4 Steps for Improving Employee Retention.
Not long ago LinkedIn News sent e-mails to thousands of LinkedIn users asking them their thoughts on the topic of the “Great Resignation.”
This “Great Resignation” has been a hot topic since 2020. For a variety of reasons, including the general levels of stress associated with the pandemic, racial tensions, the election and more, people have naturally been feeling more stress recently and, when that happens, they think about making changes in their lives.
When we are overwhelmed by stressful experiences we often look around and identify what changes we think we need to make to feel better. When there are major stressors we have little control over, like the pandemic, we look for things we do have the power to change. We may change things in our homes, renovations were popular over the past year, and we might look to change our relationships, lifestyle activities and our jobs. The problem is that we don’t always thoughtfully consider what we are changing, we just pick something to change and run with it!
Is Change Always Good?
Generally, I believe having a growth mindset and embracing change is important. We often know we need a change and don’t know what that is or how to make it happen. We ultimately end up making no change or making changes that don’t help. At times we see other people making a change and we get swept up in making the same change ourselves. That can be a good thing—for example, increasing sustainable business practices or creating a healthier lifestyle. However, sometimes we make a change and don’t end up with any benefits or, worse, the change has a negative impact, because we did not take the time to consider if the change was right for us.
When the LinkedIn News question arrived in my email I did post my thoughts and so did many other people I knew. Even if your employees are not planning on resigning, it is hard for people to miss the conversation about resignations. If your employees, who have been experiencing levels stress and unhappiness, feel that they could attribute part of their unhappiness to their job, even if they don’t resign this could impact their performance at work. People are complicated!
Why Do Employees Say They Want to Resign?
A number of surveys conducted at the end of 2020 and the beginning of 2021 reported that between 25% and 50% of employees were considering voluntarily leaving their jobs once the pandemic restrictions ease and hiring opens up.
According to the 2021 “Engagement and Retention Report” released by Achievers Workforce Institute 52% of 2,000 employees surveyed in the US and Canada plan to look for a new job.
The reasons for desiring to change jobs were:
- 36% better compensation
- 25% better work life balance
- 16% lack of recognition for their work
- 8% to find a better workplace culture
- 5% better values alignment
- 5% lack of good peer relationships
- 5% are unsure
As Career Coach and Business/HR Consultant those results did not surprise me. Survey after survey has been asking employees from around the world about their intentions and the data consistently follows the same patterns (long before 2020). While the percentages may change, the reasons people cite are almost always the same. Interestingly, one of the items missing from this list that we usually find on these surveys was a desire for better “career opportunities” support from their employer.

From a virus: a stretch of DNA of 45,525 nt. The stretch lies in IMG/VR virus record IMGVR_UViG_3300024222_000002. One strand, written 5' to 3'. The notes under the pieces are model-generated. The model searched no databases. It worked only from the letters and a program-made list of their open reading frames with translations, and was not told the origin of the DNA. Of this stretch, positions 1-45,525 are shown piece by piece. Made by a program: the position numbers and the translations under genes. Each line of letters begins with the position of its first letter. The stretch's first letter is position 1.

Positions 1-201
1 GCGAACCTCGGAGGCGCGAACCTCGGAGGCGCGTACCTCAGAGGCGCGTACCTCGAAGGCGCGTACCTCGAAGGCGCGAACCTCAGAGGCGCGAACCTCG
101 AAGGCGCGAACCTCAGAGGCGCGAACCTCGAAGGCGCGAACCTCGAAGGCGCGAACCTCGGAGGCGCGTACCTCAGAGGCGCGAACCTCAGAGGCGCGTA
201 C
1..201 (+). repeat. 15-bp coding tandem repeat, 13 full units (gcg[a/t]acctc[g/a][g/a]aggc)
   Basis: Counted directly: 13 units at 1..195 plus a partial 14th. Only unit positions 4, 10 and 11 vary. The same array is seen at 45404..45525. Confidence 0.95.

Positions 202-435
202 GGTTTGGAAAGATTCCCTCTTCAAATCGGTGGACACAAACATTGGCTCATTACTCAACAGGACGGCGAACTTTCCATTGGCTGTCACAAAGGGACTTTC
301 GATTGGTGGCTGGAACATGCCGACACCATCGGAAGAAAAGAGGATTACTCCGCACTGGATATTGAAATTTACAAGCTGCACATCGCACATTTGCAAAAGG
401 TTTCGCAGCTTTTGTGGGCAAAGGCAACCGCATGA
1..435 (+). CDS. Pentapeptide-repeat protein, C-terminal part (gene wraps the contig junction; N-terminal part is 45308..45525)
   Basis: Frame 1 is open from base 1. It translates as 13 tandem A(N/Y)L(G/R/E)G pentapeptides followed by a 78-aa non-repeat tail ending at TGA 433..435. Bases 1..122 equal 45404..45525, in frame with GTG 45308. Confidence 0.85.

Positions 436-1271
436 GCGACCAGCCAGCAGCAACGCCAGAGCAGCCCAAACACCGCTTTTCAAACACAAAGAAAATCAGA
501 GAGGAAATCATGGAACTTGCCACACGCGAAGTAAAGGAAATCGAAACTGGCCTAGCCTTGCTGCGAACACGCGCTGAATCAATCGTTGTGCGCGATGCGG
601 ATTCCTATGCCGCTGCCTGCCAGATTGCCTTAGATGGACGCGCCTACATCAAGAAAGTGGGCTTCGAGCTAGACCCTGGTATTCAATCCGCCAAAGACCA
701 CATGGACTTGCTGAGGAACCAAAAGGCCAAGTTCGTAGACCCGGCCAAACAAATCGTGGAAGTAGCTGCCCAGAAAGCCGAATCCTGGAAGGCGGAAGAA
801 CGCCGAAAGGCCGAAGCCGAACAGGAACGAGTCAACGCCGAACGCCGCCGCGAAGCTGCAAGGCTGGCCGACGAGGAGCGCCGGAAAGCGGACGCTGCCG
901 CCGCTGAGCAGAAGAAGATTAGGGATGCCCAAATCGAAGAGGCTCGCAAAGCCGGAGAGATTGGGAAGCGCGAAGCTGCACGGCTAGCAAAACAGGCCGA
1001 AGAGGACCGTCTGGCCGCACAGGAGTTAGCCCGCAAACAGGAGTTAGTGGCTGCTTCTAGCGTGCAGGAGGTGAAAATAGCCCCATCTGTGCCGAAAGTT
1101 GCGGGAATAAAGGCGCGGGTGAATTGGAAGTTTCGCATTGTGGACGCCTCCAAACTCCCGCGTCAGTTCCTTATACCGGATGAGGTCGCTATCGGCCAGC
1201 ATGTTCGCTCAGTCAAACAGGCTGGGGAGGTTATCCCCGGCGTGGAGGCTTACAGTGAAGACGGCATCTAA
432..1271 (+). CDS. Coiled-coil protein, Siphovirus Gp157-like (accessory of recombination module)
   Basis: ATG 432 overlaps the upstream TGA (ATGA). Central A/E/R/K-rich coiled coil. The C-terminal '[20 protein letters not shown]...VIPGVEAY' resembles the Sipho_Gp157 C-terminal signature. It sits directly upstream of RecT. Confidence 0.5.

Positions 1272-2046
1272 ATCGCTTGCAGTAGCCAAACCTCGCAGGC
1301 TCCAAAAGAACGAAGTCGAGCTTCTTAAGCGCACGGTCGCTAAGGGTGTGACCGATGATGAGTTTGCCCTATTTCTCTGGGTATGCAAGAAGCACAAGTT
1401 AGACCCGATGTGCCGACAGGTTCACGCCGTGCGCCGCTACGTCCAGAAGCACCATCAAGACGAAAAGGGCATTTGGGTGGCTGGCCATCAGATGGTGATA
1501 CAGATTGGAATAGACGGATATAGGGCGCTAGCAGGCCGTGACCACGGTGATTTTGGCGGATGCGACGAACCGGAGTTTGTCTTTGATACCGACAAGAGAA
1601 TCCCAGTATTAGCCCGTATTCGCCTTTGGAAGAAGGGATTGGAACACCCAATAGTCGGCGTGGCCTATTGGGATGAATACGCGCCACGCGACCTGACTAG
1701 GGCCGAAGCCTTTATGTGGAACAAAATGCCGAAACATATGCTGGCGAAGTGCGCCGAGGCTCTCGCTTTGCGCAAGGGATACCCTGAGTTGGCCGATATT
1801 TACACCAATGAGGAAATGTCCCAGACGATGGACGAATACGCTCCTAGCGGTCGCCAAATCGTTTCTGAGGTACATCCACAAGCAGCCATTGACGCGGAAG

Is the Great Resignation real? That is a good question, I am not sure and I think the jury is still out. In some demographics and some sectors we may indeed see an increase in resignations. Partially, that is a result of new jobs opening up and of employees who have had the experience of working from home who may be unwilling to give up their newly found benefits as remote workers. Many of the surveys I read indicated that millennials and parents of younger children are among the most likely demographics to indicate a desire to resign.
Are you concerned about employees resigning? I have worked with organizational leaders who say that if their employees want to resign so be it, they don’t want to keep employees around who are not prepared to be “loyal.” But as you can see, there is much more to the question of employee resignation than loyalty or even better compensation.
Consider the language you use to characterize the situation to change your own perspective. Don’t think of your employees as disloyal or only seeking to make more money. Consider aligning your perspective with how your employees are feeling and change your language to reflect your understanding that your employees are seeking change and more control in their lives.
Yes, your employees want to be properly compensated and many want to have a better work life balance, but often your employees want to feel respected, valued, considered and connected at work. Let’s look at the list of why people resign from a new perspective.
What do employees want?
- Fair compensation
- Work life balance
- Recognition for their work
- Good workplace culture
- Values alignment
- Good peer relationships
- Career options (employers who are invested in helping them with their careers)
4 Simple Steps to Create a Workplace Where Employees Want to Stay
- Survey Employees about their workplace needs and career aspirations
- Ask Employees their thoughts on how to improve elements of your business
- Talk to employees about their career paths and support them in career growth
- Be flexible about work structure when you can and transparent about why if you cannot.
It does not take a lot of time to demonstrate to your employees that you value them. A few conversations where you ask questions and listen can be a great way to both retain the employees you value and positively impact their performance in the workplace.